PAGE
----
The first time that I conceived a program for a fair was when I was invited by another fair called Code 2. It was a good chance to show what I can do, what a curator could do within a certain setting that would not be institutional, but that would have some sort of institutional feel. I took the opportunity to work within the art fair as a platform. And I wanted to show that things could be done in different ways, but also very professionally, and conduct research about different things I could stage (if you want to call it that) in different kinds of settings. For artists, I would say you need to give them the chance to do that. For me, the art program allows me to have a temporary platform where I can experiment.

Irene Campolmi, Enter Art Fair
Masbedo, 'Anger', 2019, Performance still, courtesy the artists. Photo: I DO ART agency
Michael Portnoy, Irene Campolmi, Enter Art Fair
Michael Portnoy

You define an endless present as a commentary on the many meanings and connotations of the word “virtual.” It’s a complex notion, since so much of life now takes place in supposed virtual ways. It’s hard to know what is virtual and what is real. What do you regard as the virtual, and in your mind is there a clearcut definition that has come to the fore, and how in your view does the virtual insulate us or protect us from the present or somehow reflect the present?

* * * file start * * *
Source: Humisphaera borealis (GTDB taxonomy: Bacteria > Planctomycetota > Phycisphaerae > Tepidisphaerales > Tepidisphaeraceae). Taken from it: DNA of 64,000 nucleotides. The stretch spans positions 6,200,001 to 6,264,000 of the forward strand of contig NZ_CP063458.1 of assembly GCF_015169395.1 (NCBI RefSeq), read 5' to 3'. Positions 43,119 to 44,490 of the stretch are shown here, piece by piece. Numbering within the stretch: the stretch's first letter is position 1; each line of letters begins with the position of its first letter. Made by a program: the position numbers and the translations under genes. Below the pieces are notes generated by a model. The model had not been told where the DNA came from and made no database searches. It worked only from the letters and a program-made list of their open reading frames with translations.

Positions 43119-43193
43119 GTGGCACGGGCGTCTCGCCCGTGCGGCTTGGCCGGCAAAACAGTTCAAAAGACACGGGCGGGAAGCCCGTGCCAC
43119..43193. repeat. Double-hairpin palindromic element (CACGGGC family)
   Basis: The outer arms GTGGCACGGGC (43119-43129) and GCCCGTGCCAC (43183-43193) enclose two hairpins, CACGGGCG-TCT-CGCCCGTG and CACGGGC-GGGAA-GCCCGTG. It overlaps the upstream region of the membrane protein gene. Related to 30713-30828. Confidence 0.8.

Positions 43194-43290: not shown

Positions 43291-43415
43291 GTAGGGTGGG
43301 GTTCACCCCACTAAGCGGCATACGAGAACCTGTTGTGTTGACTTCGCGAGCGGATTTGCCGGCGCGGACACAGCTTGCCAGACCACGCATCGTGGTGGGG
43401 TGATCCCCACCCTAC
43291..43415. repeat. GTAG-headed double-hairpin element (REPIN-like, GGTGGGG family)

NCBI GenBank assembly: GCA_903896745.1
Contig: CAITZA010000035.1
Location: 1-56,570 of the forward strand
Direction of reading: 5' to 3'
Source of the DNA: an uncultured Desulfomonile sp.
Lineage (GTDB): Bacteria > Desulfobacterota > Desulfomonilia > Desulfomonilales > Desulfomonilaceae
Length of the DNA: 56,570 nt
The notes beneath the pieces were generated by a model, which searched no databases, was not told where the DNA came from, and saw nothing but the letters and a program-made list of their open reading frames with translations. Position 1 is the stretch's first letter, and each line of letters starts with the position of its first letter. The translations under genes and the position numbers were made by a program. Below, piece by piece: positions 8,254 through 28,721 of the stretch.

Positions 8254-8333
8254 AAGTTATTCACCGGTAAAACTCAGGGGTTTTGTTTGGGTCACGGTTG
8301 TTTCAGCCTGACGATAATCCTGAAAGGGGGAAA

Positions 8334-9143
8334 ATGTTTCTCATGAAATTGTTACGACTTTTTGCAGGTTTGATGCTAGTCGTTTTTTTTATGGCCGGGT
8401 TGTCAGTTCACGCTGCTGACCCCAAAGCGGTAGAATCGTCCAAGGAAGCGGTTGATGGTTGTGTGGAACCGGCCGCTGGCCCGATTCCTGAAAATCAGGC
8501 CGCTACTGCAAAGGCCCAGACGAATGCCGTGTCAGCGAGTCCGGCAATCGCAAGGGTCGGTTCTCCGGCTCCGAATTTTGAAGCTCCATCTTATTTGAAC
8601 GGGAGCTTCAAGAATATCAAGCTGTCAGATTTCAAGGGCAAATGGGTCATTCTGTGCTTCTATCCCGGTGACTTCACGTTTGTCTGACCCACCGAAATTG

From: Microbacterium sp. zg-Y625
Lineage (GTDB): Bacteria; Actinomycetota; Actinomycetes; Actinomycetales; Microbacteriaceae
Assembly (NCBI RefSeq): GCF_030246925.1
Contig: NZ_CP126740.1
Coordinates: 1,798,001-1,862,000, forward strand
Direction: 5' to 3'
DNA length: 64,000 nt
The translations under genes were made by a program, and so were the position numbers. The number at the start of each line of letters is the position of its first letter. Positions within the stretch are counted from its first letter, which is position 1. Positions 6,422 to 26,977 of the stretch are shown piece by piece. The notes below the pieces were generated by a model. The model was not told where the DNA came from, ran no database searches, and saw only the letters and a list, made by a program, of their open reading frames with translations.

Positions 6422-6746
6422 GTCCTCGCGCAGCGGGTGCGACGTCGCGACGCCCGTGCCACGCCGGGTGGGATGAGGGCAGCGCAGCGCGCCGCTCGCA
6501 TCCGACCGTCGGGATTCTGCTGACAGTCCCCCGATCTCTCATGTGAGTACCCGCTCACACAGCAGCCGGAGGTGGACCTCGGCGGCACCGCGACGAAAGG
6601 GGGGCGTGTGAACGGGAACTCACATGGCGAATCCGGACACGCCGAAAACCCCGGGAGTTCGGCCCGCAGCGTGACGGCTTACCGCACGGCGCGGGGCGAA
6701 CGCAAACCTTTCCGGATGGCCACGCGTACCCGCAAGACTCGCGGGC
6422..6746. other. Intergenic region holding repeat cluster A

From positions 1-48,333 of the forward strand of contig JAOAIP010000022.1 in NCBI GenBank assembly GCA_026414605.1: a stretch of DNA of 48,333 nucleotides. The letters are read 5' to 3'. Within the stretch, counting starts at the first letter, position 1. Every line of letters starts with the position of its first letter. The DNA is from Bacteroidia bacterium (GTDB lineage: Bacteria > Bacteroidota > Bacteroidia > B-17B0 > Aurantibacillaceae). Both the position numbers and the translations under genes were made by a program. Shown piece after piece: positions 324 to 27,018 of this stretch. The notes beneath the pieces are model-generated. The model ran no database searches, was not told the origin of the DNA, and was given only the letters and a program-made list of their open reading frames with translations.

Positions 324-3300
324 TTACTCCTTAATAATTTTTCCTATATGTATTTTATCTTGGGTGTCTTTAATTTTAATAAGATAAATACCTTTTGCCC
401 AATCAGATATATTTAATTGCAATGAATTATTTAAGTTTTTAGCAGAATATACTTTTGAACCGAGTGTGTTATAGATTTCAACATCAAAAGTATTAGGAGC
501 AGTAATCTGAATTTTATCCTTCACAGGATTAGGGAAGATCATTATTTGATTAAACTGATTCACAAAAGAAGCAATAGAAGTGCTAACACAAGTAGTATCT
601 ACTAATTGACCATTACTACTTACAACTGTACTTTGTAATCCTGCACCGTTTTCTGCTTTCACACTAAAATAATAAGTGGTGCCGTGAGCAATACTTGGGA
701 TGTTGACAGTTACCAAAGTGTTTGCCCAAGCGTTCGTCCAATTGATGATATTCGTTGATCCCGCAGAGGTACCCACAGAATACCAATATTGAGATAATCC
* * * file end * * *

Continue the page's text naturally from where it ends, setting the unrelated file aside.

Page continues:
I think that we live our present constantly of course, but also an online present—so we live different lives, and that’s fair enough, but we kind of lost track of what is happening in our real life, being consumed instead by what is happening in our personas, or our virtual lives, which is either on social media or on websites. I think that we live these sort of discrepancies between what we can actually perform as people and what we can perform as professionals online.